Before you ever offer a sensory activity to your toddler, you must know to never force them to participate. The way a child experiences sensations is completely unique to them, and while your intentions are in the right place, making them try something can cause harm to their sensory system.
However, that doesn’t mean that if your toddler doesn’t want to play in the finger paints that you shouldn’t encourage them, demonstrate, and try to make it fun. More than that though, I’d want you to try and make it simpler for them.
With the finger paints, that could mean offering a paint brush instead. And, it also means to keep trying the activity. We always want to help toddlers break down any sensory sensitivity they may have.
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Here’s the List of Sensory Activities that are Perfect for Toddlers:
- Think finger painting, making play dough, playing in the sandbox, or making mud pies in the back yard. But, don’t stop there, the sky’s the limit. Head to messy play for babies and toddlers for more ideas.
Bouncing on a Ball
- This is one of my favorite sensory activities as an occupational therapist. If it’s a large ball, you’ll need to help your child and push down on the tops of their legs or hips to get them bouncing, but if it’s a smaller ball, your toddler can bounce themselves while sitting on the ground. This peanut shaped ball is perfect for making sure they don’t fall over because they can straddle it.
- Did you know this old school parent/child game packs a ton of sensory input? You’ll be stimulating those vestibular and proprioceptive senses in a big way. For kids that are scared of movement, this might be too overwhelming though so use extra caution.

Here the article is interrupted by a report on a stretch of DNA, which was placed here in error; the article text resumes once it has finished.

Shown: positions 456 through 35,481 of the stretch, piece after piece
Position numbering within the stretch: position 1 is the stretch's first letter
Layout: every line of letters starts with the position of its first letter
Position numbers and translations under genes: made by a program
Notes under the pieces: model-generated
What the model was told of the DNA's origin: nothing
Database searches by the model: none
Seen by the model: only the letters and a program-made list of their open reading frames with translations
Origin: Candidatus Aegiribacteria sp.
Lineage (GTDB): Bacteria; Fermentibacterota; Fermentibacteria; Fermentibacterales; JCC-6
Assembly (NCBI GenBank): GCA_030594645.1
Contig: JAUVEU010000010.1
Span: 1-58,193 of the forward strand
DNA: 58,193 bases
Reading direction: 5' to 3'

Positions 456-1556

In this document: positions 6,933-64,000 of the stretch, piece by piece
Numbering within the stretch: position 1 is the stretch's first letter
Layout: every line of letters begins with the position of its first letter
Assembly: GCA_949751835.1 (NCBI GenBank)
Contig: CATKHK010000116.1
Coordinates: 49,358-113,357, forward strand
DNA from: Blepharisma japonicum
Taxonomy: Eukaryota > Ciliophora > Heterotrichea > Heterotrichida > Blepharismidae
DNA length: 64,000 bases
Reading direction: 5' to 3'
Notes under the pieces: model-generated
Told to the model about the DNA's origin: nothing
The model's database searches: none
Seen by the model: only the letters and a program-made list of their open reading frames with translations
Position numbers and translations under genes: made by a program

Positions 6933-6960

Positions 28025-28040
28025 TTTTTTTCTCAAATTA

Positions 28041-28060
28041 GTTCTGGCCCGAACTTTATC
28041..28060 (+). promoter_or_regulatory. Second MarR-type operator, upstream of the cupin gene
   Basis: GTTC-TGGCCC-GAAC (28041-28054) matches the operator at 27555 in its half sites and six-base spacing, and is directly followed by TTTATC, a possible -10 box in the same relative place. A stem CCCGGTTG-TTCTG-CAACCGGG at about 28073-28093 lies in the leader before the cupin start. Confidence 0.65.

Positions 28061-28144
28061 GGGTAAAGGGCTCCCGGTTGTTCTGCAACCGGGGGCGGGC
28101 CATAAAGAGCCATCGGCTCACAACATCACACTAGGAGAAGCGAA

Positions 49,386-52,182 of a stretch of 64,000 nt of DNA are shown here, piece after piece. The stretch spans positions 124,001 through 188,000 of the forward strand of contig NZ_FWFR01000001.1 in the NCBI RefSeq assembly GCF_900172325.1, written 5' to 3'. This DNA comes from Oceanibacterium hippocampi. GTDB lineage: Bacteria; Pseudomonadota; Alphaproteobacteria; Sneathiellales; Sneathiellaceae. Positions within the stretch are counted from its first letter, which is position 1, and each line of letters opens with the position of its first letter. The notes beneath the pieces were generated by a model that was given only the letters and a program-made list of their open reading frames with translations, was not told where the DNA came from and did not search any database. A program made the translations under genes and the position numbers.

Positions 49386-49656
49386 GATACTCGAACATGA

Knee Rocking Horse
- If the airplane is too much for your toddler than bouncing them on your knee or while laying on your back like I am in the picture above might be tolerated better. Remember start with small steps!
- Swinging is a classic sensory activity, but think beyond the average playground swing, although they’re great too! If you have options in your back yard, tire swings and these newer spider net swings allow for swinging in a large circle which gives different types of valuable sensations. I also love to use a blanket if you have another adult around. Have your toddler lay in the middle, each adult grabs two corners and swings back and forth.
- There are lots of different ways for toddler to rock back and forth. Think about rocking chairs, gliders, rocking horses, or these cute little egg chairs that stack up easily and are the prefect size for toddlers.
- My kids just got these stones for Christmas and they were a huge hit! They might be a little bit challenging for toddlers to balance on, but it’s great practice for them. Using a low to the ground balance beam or even a rope laying flat on the ground can work on their balance too!
Pushing a Push Toy or Shopping Cart
Pushing and pulling activates that proprioceptive sense and can be very calming to lots of toddlers. If you’ve got a push toy or toy shopping cart they work perfect, but you can even take it a step further and load them with books for extra weight and input.
Carry or Use a Weighted Lap Pad
A weighted lap pad is simply a small pillow or stuffed animal that’s heavy. You can make one yourself with dry beans or plastic pellets, but lots are available ready made too. Check out my whole guide on weighted lap pads here. They’re perfect for kids that like to crawl into tight spaces, and can help kids that have difficulty calming down.